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Jerome Bruner

A custom research paper example may begin: Jerome Bruner was born in 1915. He received a B.A. in psychology from Duke University in 1937 and a Ph.D. from Harvard in 1941. From 1945 until 1970 Bruner was a professor of psychology at Harvard. In 1970, he moved to Oxford University in England. In 1991, Bruner joined the faculty of New York University where he remains today. He is affiliated with the Psychology Department and the Law School, where he studies “the various institutional forms by which culture is passed on… in legal codes and legal praxis".

Jerome Bruner

During World War II, Bruner worked in the “Anglo-American Psychological Warfare Division” (Bruner, Search 45) where he reported on the state of mind in areas the Allies had passed through. After the war, he began his famous work in cognitive and educational psychology. His interest in education led him to study developmental psychology. He disputed Piaget’s theory that there are some things very young children cannot learn. While at Oxford, Bruner focused on language development. In the 80s, he developed a theory of how the mind structures reality via narrative. In the 90s, he turned to the study of the psychology of law.

Among his most famous works are: The Process of Education, Actual Minds, Possible Worlds, The Culture of Education, and Acts of Meaning. His career is one of the most distinguished and certainly one of the longest in the field of psychology and philosophy of education.

Bruner and Educational Theory

The cognitive-interactionist theories of developmental psychologist J.W. Bruner represent a wealth of valuable knowledge regarding learning theory. Bruner places a strong emphasis on the role of culture as it informs learning, and draws on the fields of anthropology, linguistics, biology, philosophy, and sociology for his own theory formation. In studying the work of Bruner, it is described that the psychologist “has set in motion innovations for which there may have been theoretical bases for some time”.

Bruner describes the purpose of education as involving the acquisition and development of intellectual skills, and he stressed culture’s effect on a person’s intelligence and ways of thinking. Bruner’s ideas of learning have three facets:

  • Acquisition of New Information

  • Transformation of Knowledge

  • Check of the Pertinence and Adequacy of Knowledge

Bruner and Conceptualization

Bruner describes his ideas regarding learning as “instrumental conceptualization,” and basis his view on the ideas that “one’s knowledge of the world is based on one’s constructed models of reality,” and “such models are first adopted from one’s culture, then adapted to one’s individual use”. Bruner is recognized widely for his emphasis on the power of the narrative nature of learning.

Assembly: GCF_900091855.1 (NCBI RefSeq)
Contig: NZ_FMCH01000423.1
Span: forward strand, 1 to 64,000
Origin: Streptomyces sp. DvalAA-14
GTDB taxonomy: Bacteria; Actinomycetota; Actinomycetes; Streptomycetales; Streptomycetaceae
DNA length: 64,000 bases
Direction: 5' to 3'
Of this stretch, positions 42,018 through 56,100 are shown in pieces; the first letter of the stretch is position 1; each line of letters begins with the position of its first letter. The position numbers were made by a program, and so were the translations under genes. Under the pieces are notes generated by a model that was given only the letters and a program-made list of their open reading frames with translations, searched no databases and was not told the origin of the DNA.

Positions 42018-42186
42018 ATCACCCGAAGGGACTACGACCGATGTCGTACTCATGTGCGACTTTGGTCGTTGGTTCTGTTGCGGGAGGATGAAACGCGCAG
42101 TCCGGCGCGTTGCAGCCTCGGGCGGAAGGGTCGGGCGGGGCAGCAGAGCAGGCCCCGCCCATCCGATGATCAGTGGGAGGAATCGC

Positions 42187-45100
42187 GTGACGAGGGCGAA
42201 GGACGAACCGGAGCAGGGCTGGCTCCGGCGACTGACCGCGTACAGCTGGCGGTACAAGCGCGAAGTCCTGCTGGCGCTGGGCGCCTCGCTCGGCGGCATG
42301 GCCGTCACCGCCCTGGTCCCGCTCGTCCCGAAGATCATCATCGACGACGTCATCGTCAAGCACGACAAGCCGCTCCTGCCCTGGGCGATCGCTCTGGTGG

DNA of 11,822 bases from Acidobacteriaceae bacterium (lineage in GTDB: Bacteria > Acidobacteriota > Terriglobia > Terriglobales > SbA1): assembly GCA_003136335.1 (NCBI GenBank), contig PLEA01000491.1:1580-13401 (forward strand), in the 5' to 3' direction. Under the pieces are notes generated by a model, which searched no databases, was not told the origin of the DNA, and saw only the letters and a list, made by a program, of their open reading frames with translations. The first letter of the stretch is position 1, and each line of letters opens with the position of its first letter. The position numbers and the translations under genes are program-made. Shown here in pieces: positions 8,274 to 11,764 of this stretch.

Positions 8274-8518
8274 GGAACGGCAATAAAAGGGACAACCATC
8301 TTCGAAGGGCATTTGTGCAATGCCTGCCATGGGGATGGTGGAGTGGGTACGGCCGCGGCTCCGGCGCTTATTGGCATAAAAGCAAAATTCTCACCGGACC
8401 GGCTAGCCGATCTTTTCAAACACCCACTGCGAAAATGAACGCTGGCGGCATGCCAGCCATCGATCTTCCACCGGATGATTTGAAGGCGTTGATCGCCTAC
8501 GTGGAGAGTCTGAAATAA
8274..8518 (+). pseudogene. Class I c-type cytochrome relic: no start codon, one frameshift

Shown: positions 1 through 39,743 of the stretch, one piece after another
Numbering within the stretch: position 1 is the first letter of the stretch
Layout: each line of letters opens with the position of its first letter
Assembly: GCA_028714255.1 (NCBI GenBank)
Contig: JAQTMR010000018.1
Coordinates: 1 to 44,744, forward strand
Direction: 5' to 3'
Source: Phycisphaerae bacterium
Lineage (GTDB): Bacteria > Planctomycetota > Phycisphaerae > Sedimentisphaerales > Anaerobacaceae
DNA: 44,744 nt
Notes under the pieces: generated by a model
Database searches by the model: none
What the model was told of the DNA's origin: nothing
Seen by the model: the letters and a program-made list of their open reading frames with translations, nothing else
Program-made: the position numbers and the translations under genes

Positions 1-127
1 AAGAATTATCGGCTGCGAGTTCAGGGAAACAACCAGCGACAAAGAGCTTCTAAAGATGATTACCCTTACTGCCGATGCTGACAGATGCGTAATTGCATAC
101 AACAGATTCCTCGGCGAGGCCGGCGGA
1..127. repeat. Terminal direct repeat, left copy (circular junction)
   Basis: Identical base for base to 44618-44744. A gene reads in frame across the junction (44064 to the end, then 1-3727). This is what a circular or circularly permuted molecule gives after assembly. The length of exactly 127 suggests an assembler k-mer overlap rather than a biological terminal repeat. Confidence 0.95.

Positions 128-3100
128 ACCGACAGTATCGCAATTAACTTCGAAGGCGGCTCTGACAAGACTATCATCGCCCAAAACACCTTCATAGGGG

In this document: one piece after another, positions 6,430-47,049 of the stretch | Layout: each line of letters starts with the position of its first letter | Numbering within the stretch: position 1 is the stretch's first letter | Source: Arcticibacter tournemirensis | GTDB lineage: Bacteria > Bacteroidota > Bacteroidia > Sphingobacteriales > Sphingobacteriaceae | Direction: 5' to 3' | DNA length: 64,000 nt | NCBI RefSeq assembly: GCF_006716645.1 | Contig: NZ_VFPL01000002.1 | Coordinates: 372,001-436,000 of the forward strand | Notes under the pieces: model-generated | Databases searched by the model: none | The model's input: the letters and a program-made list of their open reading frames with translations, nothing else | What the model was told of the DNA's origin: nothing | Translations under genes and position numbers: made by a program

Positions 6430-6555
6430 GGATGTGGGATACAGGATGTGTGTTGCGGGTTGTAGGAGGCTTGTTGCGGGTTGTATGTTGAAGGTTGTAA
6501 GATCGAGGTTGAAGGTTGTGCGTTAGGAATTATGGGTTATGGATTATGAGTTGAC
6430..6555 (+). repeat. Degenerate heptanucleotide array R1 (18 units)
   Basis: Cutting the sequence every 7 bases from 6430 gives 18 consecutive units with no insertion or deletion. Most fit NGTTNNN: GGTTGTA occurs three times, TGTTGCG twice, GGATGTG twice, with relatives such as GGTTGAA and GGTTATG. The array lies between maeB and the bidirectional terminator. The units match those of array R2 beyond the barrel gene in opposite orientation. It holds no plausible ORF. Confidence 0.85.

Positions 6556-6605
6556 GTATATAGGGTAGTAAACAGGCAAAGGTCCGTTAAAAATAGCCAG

No single thread is more prevalent in the complaints of educators today than the problems arising from too much television and game-playing in the daily routine of a child. For obvious reasons, children are drawn to the world of DVDs, television shows and role-playing games for the quick action, sound effects, fantasy, color, and the intensity of the overall experience. Beside such special effects, the effort of reading a book pales by comparison. Added to that, reading is intrinsically more difficult than merely watching, listening and absorbing. Reading is by and large an activity which the child might choose to do at a specific time, with no guarantee that his peers are also reading the same book at the same time, eliminating the satisfaction of peer comparisons and social interaction regarding the experience. However, if all the children in a particular social group watch The Simpsons at the specific time that it airs in their area, they can share the experience at recess the next day, or later that evening by television or chat room. To the satisfaction of educators everywhere, there are occasional exceptions, one of the most dramatic being the Harry Potter books, fiction so involving to children that they not only eagerly read them, but they surmounted the obstacle of the very length of the books. These would be important concepts to include in your research paper.

Still, the accessibility of popular culture poses many difficulties, some social, and some primarily concerned with literacy. Children can slip into a trance-like “robotism” when watching television – they enter a world in which their parents for the most part play no role. The lack of reality, the violence, the crass sentiments that this world may embrace are in themselves cause for concern. In addition, time spent in front of the television contributes to physical laziness, as well as mental laziness (depending of course on the choice of program). Sad to say, however, the ratings for discovery programs and other worthwhile offerings lag severely behind those of so-called “popular” entertainment. Bruner’s theories did not take into account these examples of popular culture that demonstrate the many facets of current entertainment options that serve to dimin
ish the importance of literacy to children.